The Adventure Club Afloat eBook

This eBook from the Gutenberg Project consists of approximately 177 pages of information about The Adventure Club Afloat.

It had been too late to go ashore for sight-seeing last evening, and they had put it off until morning.  And now it was drizzling in a steady, whole-hearted way that promised to make sight-seeing a miserable business.  Some of the crew of the Follow Me had come aboard to discuss plans and the question was whether to remain in harbour and await better weather or to set out again and run as far as Martha’s Vineyard.  Perry was all for action, and he had the support of numerous others, but Steve pointed out that running the cruiser in such weather in strange waters was not over pleasant.  “It’s all well enough for the rest of you, for all you have to do is lie around and read, but it’s another thing to stand up there at the wheel and keep from running into the landscape!”

“Give her to me,” advised Perry.  “I’ll get her to Edgartown or wherever you want to go, right-side-up with care.”

“If you take the wheel,” said Han, “I get out and walk every foot of the way.”

“Better put your rubbers on,” suggested Wink Wheeler.

“You fellows make me very tired,” continued Perry severely.  “You call yourselves the Adventure Club and start out to see some sport, and then the first time there’s a heavy mist you want to stick around an old harbour for fear you’ll get damp!  We’ve been going two whole days now, and we haven’t even glimpsed an adventure!”

“An adventure is one thing,” said Ossie, “and getting drowned is something else again.  Tell you what, Perry; if you are so keen for sport why don’t you slip into the tender and run over to Vineyard Haven yourself?  We’ll follow along tomorrow, or maybe this afternoon.”

“I want to see this town,” said Joe.  “There’s lots to look at in here.  Whaling ships and a museum and—­and lots of romantic things.”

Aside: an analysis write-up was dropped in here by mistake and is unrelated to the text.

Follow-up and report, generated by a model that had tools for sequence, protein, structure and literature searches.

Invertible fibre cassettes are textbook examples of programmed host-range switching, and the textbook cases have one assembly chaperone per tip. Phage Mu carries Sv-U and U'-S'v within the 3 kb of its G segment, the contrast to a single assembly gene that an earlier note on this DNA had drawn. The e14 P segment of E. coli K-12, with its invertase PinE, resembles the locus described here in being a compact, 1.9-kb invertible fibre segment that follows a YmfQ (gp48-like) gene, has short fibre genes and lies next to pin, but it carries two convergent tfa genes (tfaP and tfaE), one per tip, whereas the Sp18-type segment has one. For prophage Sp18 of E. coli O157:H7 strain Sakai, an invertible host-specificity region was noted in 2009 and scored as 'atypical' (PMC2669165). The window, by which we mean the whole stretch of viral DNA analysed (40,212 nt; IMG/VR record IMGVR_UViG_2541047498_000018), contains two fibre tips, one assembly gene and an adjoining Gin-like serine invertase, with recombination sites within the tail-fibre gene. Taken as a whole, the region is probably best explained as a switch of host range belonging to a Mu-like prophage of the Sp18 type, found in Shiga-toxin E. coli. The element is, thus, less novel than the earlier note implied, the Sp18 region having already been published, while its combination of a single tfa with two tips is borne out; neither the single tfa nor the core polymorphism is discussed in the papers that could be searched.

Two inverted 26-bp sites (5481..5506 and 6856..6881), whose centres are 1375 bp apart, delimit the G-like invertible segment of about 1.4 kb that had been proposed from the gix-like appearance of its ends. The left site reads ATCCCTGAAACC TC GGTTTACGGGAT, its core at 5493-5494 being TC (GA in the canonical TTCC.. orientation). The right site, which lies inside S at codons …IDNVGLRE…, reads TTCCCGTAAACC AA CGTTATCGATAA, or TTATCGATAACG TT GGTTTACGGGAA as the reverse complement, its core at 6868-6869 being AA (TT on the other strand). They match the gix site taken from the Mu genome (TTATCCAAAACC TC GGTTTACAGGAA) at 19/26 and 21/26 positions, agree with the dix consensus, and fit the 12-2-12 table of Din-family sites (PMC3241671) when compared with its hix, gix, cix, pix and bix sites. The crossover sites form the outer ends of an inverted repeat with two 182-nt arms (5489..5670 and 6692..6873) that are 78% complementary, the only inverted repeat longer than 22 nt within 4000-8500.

“The whaling ships are all gone now,” said Perry disdainfully.  “They’ve chopped them all up and sold them by the cord for fire wood.  I know, for we bought a lot of it once.  It cost dad about ten dollars for express and didn’t burn any different from any other wood.  My grandmother—­”

Steve groaned.  “For the love of lemons, Perry, don’t resurrect your grandmother.  Let the poor old lady lie.”

“She isn’t dead,” denied Perry indignantly.  “She’s ninety-one and a heap smarter than you are.”

“Perry,” charged Joe severely, “I distinctly remember you telling us that your grandmother died of sea-sickness.”

“I didn’t.  I told you she ate lemons and—­”

“Died of acid stomach?  Oh, all right.  I knew she was dead.”

“Oh, dry up!  She ate lemons to keep from being sea-sick, you idiot.  And if you ate them you wouldn’t have to lug around a lot of silly medicine that doesn’t amount to a row of pins.  And if—­”

“All very interesting,” interrupted Phil mildly, “but it isn’t deciding whether we’re to stay here or go on.  Personally, I think that that should be up to the captain.  If he isn’t to decide whether the weather is right or wrong, who is?”

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The Adventure Club Afloat from Project Gutenberg. Public domain.
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